Al Franken seems to have gone into hiding, a peculiar way to run for the United States Senate. Despite his claim to be a man of the people, Franken has all but vanished from public appearances.
Oh sure, he’ll do media interviews, he might even show up at tightly controlled partisan Democrat events, or those of his very liberal supporters, but getting up close and personal with Minnesotans, not so much.
Beyond his well documented vulgarity troubles, which go far beyond what is appropriate for this family blog, Franken probably wants to hide because he’s so out of touch on so many issues. He’s so beholden to liberal special interests that he just doesn’t want to face Minnesotans left behind by his left-wing agenda.
Take the issue of card check, the union power grab that will take away the right of Minnesota workers to have a private ballot in a union organizing election. Franken’s salute to the 21 unions that have endorsed him has left Minnesota workers out in the cold. If I had taken away such a fundamental right from Minnesota workers, a right that 95% of Minnesotans – that’s right 95% – support, I guess I might hide, too.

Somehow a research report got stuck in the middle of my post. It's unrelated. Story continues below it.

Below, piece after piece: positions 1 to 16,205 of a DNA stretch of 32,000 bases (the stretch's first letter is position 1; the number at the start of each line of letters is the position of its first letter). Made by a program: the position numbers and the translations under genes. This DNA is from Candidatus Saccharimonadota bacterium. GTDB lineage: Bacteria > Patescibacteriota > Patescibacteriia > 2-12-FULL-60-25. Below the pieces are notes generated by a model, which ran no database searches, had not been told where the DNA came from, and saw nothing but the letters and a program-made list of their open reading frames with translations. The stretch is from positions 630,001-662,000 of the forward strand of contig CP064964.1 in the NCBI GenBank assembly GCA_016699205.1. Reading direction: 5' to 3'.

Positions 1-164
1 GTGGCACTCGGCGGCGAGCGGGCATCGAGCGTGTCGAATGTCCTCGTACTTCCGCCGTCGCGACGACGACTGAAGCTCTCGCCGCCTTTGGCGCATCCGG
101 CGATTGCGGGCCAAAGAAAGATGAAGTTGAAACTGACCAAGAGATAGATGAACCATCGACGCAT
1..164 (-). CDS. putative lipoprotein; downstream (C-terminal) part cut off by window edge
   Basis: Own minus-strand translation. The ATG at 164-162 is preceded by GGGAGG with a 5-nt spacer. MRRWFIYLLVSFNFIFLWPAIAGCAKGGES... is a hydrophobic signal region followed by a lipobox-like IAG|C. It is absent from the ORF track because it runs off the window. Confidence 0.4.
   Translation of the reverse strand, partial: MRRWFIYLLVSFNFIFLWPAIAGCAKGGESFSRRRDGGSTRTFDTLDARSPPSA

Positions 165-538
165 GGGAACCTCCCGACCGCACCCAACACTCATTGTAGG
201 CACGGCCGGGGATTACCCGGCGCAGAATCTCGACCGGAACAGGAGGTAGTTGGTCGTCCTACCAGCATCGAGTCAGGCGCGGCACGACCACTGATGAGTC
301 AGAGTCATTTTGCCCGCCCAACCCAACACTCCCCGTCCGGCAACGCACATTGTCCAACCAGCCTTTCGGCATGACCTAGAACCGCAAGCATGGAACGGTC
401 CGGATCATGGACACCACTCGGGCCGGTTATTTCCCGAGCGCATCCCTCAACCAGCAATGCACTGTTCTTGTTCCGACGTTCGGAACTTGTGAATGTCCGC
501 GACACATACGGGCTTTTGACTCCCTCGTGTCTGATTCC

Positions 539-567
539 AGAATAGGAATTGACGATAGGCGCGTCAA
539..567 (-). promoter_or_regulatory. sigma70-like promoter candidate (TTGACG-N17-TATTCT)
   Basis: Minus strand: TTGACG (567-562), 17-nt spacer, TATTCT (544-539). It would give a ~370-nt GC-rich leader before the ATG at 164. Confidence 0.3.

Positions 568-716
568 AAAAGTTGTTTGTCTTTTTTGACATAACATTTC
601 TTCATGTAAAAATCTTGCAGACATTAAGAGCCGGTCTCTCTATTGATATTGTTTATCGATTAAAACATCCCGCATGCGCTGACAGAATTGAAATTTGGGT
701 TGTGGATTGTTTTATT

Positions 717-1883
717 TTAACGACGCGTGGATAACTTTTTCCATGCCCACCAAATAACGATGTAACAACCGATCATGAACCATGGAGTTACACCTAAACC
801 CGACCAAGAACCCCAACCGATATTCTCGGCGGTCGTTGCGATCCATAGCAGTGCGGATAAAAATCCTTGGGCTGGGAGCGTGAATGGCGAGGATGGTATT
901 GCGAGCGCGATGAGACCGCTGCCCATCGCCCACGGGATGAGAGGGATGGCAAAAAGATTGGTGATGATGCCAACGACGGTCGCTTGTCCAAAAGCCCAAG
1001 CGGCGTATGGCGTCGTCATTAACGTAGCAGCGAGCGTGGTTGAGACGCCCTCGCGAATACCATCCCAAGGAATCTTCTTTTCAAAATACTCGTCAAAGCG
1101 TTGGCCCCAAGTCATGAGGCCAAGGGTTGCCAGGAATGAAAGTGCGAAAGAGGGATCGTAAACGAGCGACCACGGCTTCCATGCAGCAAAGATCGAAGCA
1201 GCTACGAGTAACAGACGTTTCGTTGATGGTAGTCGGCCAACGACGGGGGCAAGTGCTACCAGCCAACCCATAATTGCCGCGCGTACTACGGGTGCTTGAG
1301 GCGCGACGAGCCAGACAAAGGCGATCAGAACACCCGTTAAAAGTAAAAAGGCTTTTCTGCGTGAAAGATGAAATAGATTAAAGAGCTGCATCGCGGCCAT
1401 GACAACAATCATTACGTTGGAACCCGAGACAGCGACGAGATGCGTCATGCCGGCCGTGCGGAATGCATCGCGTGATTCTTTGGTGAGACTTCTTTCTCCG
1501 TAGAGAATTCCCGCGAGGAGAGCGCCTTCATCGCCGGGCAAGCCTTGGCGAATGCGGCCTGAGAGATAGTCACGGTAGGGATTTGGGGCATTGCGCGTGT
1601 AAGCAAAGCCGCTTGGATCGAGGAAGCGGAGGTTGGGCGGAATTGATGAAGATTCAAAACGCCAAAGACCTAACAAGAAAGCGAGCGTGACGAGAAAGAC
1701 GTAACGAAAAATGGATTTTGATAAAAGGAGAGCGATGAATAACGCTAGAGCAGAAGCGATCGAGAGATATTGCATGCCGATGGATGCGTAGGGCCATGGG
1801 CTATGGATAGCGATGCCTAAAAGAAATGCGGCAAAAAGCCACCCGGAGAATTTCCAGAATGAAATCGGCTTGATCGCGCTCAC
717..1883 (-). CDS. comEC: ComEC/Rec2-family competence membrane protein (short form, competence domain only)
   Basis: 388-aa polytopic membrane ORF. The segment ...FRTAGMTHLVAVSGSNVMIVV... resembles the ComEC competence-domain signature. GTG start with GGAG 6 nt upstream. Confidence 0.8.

Meanwhile, when Franken receives the DFL Party endorsement on Saturday, how will he be elected? By secret ballot. The DFL Party apparently still believes in democracy, even if one of its primary constituency groups, Big Labor, and most of its candidates and elected officials, do not.
Maybe after he’s endorsed – by private ballot – this weekend, Al Franken will come out of hiding and tell Minnesota workers why he wants to take away their fundamental right to a private ballot in union organizing elections. Then again, I wouldn’t count on it.